Writers “hang up the keyboard” because of ChatGPT: Having to work harder, not being unemployed
- Tram Ho
Is your writing job coming to an end?
A recent survey of more than 10,000 people at major companies such as Google, JP Morgan and McKinsey found that nearly half of office professionals have tried using ChatGPT to support their work.
That’s amazing, since the AI chatbot was only released to the public in November. While there are very exciting potentials for the future of work, the tool also carries serious risks.
ChatGPT and other similar tools are part of a long history of technologies that make writing less laborious. These range from printed newspapers to telegraphs, typewriters, word processors and personal computers.
AI chatbots can help overcome human limitations, including speed, foreign languages and human resources – capable of helping with everything from writing emails to reports and articles to marketing campaigns.
In which AI uses human-generated texts in the past to provide information and shape the way new texts are written.
Jobs that involve large amounts of writing will certainly be affected the most, such as journalists, academic researchers and policy analysts.
In cases, AI chatbots can enable faster dissemination of new knowledge and ideas. Articles become more comprehensive and accessible.
On the other hand, there are concerns that ChatGPT and other tools could rob many people of their jobs, especially in traditional writing professions, although it is difficult to say at this stage how many people there are. will be affected.
Mihir Shukla, CEO and founder of California-based software company, Automation Anywhere, says that “between 15% and 70% of the work we do in front of computers can now be automated” .
On the other hand, a recent McKinsey report found that only about 9% of people will have to change careers. However, 9% of the total number of employees is also a lot. Low to mid-level employees are likely to be the most affected.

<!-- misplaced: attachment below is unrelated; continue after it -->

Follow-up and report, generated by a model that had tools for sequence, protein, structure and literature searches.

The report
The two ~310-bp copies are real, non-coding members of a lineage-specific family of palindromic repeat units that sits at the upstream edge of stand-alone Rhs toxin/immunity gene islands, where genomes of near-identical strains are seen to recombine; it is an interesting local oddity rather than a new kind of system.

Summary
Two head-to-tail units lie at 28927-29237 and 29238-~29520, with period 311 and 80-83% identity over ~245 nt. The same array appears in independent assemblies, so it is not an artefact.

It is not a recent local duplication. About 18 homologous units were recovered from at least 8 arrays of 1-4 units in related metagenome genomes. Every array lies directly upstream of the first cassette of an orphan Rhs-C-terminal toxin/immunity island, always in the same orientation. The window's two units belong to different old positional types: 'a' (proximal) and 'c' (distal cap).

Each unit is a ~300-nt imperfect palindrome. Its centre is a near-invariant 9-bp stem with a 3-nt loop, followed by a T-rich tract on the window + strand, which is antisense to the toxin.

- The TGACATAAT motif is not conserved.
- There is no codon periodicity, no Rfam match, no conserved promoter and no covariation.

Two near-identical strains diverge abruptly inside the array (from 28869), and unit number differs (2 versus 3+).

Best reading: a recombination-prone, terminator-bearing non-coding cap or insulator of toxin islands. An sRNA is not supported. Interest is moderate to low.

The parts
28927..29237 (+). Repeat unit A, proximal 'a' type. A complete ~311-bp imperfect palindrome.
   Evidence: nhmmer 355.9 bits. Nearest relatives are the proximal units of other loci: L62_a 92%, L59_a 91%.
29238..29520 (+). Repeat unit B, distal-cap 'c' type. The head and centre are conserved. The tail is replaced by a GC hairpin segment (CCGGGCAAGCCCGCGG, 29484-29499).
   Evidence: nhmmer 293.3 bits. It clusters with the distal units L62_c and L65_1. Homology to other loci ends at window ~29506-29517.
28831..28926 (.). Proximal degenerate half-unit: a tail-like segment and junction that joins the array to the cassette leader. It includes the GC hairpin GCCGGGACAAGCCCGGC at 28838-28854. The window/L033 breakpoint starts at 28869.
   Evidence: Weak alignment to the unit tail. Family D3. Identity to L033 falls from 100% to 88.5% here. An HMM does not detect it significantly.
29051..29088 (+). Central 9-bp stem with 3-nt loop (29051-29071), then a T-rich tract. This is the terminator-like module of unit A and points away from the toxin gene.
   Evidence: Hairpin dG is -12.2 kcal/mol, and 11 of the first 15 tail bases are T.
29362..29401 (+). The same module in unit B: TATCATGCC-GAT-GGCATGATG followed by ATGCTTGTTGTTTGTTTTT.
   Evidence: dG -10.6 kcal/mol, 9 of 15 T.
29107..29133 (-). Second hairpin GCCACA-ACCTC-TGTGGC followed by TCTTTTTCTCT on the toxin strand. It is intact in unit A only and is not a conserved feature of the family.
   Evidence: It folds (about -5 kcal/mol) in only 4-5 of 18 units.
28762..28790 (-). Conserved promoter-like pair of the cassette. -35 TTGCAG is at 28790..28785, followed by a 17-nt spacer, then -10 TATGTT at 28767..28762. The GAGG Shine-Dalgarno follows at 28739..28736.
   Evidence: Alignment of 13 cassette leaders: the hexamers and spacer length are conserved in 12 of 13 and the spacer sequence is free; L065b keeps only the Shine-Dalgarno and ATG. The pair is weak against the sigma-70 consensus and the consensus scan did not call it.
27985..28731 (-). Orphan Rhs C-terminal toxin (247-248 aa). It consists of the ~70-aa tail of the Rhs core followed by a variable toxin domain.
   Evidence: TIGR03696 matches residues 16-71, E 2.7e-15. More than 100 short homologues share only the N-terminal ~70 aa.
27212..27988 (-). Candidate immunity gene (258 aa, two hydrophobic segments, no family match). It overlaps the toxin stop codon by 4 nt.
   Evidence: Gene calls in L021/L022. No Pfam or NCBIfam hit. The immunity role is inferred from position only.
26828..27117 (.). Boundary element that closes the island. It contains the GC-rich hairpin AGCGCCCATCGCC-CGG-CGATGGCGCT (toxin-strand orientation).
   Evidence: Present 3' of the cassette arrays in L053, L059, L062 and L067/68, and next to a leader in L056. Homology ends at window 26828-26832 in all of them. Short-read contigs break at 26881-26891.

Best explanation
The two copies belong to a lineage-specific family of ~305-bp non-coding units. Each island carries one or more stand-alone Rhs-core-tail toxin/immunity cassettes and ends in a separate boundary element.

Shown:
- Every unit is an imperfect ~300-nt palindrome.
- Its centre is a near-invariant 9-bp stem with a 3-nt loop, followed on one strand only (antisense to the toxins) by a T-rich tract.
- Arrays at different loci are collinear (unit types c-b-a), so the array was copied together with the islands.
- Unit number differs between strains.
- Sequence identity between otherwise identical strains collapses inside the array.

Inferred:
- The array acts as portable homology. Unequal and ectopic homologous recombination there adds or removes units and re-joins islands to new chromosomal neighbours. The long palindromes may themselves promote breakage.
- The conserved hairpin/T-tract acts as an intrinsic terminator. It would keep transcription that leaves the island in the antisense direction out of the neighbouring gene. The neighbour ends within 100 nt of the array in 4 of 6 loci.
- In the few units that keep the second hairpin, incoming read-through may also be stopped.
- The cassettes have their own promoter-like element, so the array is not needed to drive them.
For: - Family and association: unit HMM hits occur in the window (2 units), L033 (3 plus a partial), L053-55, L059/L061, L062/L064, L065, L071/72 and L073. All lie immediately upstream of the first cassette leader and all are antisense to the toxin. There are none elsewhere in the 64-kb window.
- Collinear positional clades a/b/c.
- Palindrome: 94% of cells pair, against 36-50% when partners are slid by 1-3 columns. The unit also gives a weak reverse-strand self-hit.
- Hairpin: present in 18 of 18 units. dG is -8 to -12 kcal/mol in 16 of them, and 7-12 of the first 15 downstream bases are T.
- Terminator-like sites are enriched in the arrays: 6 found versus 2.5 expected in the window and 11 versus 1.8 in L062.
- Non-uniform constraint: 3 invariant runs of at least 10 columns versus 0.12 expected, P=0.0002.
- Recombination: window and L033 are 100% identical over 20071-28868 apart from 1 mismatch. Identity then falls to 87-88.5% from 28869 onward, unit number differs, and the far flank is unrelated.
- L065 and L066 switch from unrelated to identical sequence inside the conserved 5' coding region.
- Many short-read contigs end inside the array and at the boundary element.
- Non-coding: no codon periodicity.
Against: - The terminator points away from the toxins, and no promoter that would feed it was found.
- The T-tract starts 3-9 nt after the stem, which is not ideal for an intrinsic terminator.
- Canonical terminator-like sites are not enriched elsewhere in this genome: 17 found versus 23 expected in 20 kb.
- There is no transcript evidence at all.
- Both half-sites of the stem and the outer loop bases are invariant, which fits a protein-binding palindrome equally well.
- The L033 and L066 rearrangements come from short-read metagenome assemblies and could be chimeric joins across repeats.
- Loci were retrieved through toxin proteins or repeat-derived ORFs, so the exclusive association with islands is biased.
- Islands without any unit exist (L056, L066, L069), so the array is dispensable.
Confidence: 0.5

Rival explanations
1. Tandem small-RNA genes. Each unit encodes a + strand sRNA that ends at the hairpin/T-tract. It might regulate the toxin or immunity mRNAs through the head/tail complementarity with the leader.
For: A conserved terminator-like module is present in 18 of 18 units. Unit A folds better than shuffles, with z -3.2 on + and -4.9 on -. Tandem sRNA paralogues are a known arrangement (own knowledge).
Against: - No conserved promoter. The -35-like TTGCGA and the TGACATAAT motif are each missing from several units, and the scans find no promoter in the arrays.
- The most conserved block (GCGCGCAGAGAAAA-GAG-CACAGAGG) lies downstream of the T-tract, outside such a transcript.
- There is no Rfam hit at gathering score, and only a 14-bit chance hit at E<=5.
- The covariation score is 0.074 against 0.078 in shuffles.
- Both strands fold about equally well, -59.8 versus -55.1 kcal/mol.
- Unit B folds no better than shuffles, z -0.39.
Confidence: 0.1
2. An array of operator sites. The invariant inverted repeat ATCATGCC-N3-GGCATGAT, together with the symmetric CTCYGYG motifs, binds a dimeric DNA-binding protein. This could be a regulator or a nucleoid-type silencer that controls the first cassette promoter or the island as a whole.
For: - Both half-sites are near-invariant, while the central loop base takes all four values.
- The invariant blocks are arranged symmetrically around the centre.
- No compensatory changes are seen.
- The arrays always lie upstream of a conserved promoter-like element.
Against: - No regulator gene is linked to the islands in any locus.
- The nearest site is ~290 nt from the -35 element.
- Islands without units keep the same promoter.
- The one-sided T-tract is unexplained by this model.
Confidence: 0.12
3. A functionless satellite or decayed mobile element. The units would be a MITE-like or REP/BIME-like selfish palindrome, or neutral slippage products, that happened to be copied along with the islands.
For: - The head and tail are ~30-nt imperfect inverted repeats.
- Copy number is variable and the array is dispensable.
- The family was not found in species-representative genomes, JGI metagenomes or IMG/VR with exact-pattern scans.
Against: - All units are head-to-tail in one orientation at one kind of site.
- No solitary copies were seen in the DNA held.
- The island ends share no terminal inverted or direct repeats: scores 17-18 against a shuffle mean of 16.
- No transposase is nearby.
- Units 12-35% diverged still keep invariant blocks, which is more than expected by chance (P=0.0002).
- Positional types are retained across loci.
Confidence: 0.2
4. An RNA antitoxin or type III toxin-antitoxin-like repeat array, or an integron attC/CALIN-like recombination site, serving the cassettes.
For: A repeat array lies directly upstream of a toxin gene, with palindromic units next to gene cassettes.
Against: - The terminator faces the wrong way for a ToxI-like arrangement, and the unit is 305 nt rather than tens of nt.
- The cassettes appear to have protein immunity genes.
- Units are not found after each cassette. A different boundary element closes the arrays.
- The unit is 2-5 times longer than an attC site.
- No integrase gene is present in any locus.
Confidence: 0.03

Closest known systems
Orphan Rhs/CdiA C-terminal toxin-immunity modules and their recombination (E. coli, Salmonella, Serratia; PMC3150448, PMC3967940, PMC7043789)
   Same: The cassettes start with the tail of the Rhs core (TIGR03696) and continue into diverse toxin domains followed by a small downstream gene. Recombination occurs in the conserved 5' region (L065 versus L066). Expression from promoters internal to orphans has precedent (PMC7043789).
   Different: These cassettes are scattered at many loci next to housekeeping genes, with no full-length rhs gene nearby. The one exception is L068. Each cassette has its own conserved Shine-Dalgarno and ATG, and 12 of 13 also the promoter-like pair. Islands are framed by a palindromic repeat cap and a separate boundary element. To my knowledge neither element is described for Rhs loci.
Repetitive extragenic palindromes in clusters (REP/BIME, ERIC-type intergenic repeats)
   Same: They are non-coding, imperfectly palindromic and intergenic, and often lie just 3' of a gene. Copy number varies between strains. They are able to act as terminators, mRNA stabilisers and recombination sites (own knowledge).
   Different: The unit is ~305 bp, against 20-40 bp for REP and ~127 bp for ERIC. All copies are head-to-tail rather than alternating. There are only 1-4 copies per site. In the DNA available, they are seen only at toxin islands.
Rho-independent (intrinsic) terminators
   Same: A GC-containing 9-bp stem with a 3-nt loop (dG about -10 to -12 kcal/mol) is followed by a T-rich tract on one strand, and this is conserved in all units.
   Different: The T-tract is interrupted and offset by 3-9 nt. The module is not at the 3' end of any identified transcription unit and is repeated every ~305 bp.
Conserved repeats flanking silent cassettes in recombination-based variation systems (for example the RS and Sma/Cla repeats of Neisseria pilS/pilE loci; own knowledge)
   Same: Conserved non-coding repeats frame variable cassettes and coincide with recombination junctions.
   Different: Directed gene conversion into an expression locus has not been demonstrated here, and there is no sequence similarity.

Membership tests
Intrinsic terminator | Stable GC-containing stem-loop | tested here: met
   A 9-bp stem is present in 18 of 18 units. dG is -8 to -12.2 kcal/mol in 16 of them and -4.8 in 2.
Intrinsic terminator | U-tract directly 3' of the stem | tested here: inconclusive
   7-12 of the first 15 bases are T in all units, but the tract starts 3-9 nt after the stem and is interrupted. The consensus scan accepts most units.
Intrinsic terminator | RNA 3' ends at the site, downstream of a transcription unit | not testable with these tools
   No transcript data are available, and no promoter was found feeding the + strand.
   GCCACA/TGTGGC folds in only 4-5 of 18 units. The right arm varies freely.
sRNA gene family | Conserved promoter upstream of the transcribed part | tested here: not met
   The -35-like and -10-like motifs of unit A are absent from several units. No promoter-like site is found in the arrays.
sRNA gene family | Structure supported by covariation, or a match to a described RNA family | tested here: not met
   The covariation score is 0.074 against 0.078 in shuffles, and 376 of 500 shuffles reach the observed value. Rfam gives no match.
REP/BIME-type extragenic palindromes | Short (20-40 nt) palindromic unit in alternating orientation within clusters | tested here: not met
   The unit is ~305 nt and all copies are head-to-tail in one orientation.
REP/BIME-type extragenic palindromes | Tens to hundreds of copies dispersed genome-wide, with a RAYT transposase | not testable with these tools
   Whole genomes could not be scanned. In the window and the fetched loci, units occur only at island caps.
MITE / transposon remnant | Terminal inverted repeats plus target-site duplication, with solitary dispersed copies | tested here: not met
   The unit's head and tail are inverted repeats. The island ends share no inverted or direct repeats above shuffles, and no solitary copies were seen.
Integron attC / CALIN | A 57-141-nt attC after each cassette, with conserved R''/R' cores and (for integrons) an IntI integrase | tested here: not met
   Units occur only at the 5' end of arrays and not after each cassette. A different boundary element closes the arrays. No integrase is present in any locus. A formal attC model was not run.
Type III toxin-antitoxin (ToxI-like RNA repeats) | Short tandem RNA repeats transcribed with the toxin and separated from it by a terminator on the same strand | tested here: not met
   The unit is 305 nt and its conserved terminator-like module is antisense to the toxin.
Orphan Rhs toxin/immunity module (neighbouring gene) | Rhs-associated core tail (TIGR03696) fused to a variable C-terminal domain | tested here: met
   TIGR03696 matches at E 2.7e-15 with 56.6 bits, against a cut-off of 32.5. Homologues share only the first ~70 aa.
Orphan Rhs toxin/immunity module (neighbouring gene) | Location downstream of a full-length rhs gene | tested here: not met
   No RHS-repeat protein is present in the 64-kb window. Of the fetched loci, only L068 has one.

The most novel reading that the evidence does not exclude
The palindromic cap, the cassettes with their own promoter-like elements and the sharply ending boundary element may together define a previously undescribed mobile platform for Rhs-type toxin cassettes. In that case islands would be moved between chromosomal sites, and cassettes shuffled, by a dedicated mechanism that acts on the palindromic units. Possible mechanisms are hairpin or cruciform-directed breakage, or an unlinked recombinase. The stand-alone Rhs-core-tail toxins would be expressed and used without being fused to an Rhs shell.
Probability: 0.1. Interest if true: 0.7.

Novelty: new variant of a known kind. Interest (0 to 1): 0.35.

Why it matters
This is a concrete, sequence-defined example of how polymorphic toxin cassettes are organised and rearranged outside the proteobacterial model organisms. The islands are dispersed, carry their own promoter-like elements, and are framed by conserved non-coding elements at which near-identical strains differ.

The prospect is not far away
The other problem is that employers will use these technologies to justify cost savings, but that savings will make workers work harder, not smarter or more efficient. than.
For example, computers and email have made people work even more than before, as they have helped to optimize manual workflows.
As a result, employees may now be pressured to do more. This risks missing the real leap in productivity that AI can bring.
If used correctly, AI chatbots can free up employees to spend more time creating original, high-quality work. But now they have to work harder to not be taken away by AI.
Finally, AI chatbots raise intellectual property issues. In particular, it is not clear who owns the work they produce.
This can make it more difficult for companies or freelancers to protect their own output, and potentially expose them to copyright infringement claims from owners. The owner of the article has already been copied by AI.
It is a complex area and there is still a lot to be considered.
One way to deal with the dangers of AI is through regulation. We must begin to develop basic standards to limit the possibility of worker exploitation.
This could include, for example, a limit on the amount of AI-powered writing that companies aim to do.
It is also important to recognize that the dangers are exacerbated as companies focus on maximizing profits and productivity.
The good news is that until now, the aforementioned technology has not really challenged the work of writers. The Conversation tried using ChatGPT to write this article and didn’t see anything special.
However, a year or two from now, things could change very differently.
Source : Genk